Figure 2

Figure 2 Scanning electron microscopy of a photon detector based on conversion of a single photon into charge. The device is fabricated by MICROPHOTON partner PTB (Germany).6

For single photon detection, it would be desirable to develop a circuit that sends out, for example, a voltage pulse (a click) whenever a single photon is absorbed. These click detectors are widely available for frequencies in the optical range, where typical photon energies are 1,000,000 times higher, but has proven very difficult to develop for microwave frequencies. However, recent results from several research groups, suggest that such detectors might soon become available.8

An approach, which has already demonstrated single photon sensitivity in special circumstances, utilizes phenomena that directly exploit the quantum-particle nature of photons. Photons are trapped in a resonator (the microwave equivalent of photons bouncing between two mirrors) and their presence detected indirectly using a qubit.5This method is extremely sensitive, but in the absence of additional circuitry, is inherently slow and inefficient.

Figure 2 shows an example of a threshold detector that sends out an electrical signal when a single photon with high enough energy is absorbed. The implementation in Figure 2 is a nanofabricated circuit which detects absorbed photons by sensing when electrons are knocked out of a charge trap using a single electron transistor (essentially a very sensitive electrometer). Absorption events of single microwave photons can be detected clearly, but the quantum efficiency of such a detector is very low; only a tiny fraction of incoming photons are actually absorbed in the detector.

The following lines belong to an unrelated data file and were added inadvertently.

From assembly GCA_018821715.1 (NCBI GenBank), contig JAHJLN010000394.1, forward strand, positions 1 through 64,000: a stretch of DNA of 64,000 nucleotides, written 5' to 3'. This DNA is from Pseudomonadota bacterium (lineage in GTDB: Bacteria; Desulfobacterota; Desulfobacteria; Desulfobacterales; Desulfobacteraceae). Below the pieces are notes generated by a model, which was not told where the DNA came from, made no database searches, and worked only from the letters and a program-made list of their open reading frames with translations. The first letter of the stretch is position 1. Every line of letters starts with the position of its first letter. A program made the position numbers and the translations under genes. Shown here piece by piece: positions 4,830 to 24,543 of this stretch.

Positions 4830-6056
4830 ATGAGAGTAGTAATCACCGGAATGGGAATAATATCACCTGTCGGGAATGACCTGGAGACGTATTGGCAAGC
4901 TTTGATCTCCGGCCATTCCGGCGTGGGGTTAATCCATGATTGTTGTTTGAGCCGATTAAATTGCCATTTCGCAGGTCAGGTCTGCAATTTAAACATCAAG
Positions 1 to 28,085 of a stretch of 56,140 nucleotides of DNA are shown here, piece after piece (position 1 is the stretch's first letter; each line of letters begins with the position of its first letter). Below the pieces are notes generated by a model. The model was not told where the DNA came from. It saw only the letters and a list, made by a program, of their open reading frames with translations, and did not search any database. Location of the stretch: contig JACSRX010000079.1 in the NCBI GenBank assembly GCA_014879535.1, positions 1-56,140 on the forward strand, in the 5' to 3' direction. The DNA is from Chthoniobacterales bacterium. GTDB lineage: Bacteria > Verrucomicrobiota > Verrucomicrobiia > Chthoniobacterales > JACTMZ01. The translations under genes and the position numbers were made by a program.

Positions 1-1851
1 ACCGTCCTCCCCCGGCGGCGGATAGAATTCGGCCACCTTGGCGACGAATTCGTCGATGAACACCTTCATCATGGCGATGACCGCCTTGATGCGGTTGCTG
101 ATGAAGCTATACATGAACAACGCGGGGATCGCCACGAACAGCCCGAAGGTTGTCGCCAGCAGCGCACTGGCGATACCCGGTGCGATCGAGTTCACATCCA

A very sensitive thermal power sensor can also, at least in principle, be used for sensing microwave photons. This would detect a single photon bolometrically or calorimetrically by measuring the increase in temperature as the photon hits a 50 Ω absorber terminating a waveguide. A recently demonstrated state-of-the-art result for this approach is a detector capable of sensing pulses containing about 200 photons at 8.4 GHz.12 Other approaches include using so-called bifurcation amplifiers (essentially bistable threshold amplifiers) that can already be made sensitive enough to detect pulses containing a few photons.13 Unfortunately, both thermal and bifurcation amplifier detectors realized to date must integrate the signal for a long time to achieve anywhere near single photon sensitivity, meaning this is an area with a lot of potential for improvement.

An efficient single microwave photon detector would be useful not only as a fundamental physics experiment or for quantum information processing. In principle, it would also enable counting the number of incoming photons per second, thus providing a measure of absolute microwave power without any need for calibration.


Creating an electric circuit that functions as an on-demand source of microwave photons has only become possible in the past decade. The seemingly obvious way to do this would be to take an ordinary microwave generator and attenuate its output; however, this approach does not work. While it can create a source that over some timespan, on average, emits energy equivalent to one photon (or even less) it cannot be used to make a true single photon source, since the photons are uncorrelated. In a true single photon source, the spacing between photons is very regular, which is what gives the radiation its non-classical nature.